Total Drek

Or, the thoughts of several frustrated intellectuals on Sociology, Gaming, Science, Politics, Science Fiction, Religion, and whatever the hell else strikes their fancy. There is absolutely no reason why you should read this blog. None. Seriously. Go hit your back button. It's up in the upper left-hand corner of your browser... it says "Back." Don't say we didn't warn you.

Tuesday, March 22, 2005

I am my beloved's and my cousin is mine.

Every morning I listen to the radio while I make my bed, pack my things, and generally prepare to head out and face the world. Recently, while listening to the cackling imbeciles that populate morning shows, an interesting fact was brought to my attention. That fact is simply this: a surprisingly large number of American states permit first cousins to marry. Specifically, 26 of the 50 U.S. states permit first-cousin marriage of some sort. That was not, however, the most interesting part.

The most interesting part was the list of states in question. Any guesses? Well, I'll tell you, some of the usual suspects are there: Alabama, Georgia, Tennessee, and Virginia. You know, those backward hick states. Still, there appear to be a few other states on the list that we might not usually associate with incest. States like: New York, New Jersey, Massachusetts, Vermont, Illinois, California, and Connecticut.

On the other hand, there are some rather unexpected entries among the states who do not allow first-cousin marriage: Arkansas, Kentucky, Louisiana, Mississippi, and West Virginia. Yeah, you read that right: West Virginia. It would appear that the South is not as backwards and incestuous as our goddamn Yankee bretheren would like to believe, and they are not quite so sophisticated. You are, of course, welcome to doubt me, but the facts are not terribly difficult to find.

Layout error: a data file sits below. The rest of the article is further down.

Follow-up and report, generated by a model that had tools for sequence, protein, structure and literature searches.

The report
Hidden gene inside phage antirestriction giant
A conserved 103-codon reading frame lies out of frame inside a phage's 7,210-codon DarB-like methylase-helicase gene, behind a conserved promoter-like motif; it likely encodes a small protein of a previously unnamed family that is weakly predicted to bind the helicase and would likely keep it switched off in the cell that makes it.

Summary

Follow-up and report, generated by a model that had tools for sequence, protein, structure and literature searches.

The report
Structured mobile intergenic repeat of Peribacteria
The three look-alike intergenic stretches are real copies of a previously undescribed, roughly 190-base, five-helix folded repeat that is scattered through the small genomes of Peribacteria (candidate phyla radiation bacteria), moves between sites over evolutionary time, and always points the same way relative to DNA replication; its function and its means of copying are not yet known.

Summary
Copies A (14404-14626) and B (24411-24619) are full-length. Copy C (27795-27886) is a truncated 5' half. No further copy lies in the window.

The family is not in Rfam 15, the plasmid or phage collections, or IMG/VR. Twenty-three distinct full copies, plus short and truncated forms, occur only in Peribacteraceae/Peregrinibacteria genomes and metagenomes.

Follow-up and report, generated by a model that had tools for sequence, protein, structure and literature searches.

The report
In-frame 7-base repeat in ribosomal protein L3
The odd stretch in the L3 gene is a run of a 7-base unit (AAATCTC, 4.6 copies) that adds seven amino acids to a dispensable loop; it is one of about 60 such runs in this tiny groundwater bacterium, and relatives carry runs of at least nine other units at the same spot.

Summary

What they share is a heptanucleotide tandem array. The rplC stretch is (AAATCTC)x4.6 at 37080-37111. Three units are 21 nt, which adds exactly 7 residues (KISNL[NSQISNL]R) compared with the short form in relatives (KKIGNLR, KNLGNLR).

You may find this topic a little odd, and I'll admit I did at first as well, but cousin marriage appears to be a more controversial topic than I had once suspected. As it happens, there is an entire organisation, the "Cousins United to Defeat Discriminating Laws through Education" (or "CUDDLE," which I must say is a rather unfortunate acronym) that is dedicated to liberalizing the cousin marriage laws. Or, in their terms:

C.U.D.D.L.E. International, founded in 2002, is a privately funded organization dedicated to dispelling social prejudices and discriminating laws based on common myths about cousin marriages.

C.U.D.D.L.E. promotes tolerance, understanding and respect through education, advocacy, and conflict resolution.


To continue extensive research on the issue of consanguinity
To produce educational materials for all walks of life
To bring about legislative reform in areas which do not currently allow cousin marriage
To provide a support network free from harassment
To provide referrals to legal and medical professionals
To provide scholarships to cousin-couples and their children

So, it does indeed seem that the prohibition on cousin marriages is not as ironclad, or widespread, as many of us tend to think. But, I hear you asking, don't first cousin marriages likely produce children who are... well... troubled by genetic disorders? Well, as CUDDLE so adroitly points out the vast majority of offspring produced by first cousin couplings likely would not be stricken by birth defects at rates greater than the general population. Of course, this ignores the cumulative effect of first cousin marriages over many generations, but so long as individuals are not restricted to their own cousins for marriage partners there is little reason to believe that this progressive (or perhaps more appropriately "degenerative") concentration of harmful genes would occur. I must concede to the CUDDLErs that, in all likelihood, infrequent cousin marriage is unlikely to entail serious genetic consequences. This does not, however, mean that I am in favor of abolishing the taboo on cousin marriage.

You see, this is a classic example of a prohibition that is rooted in sociology, rather than biology. The problem with cousin marriages isn't that it produces deformed children, but that it produces deformed social structures.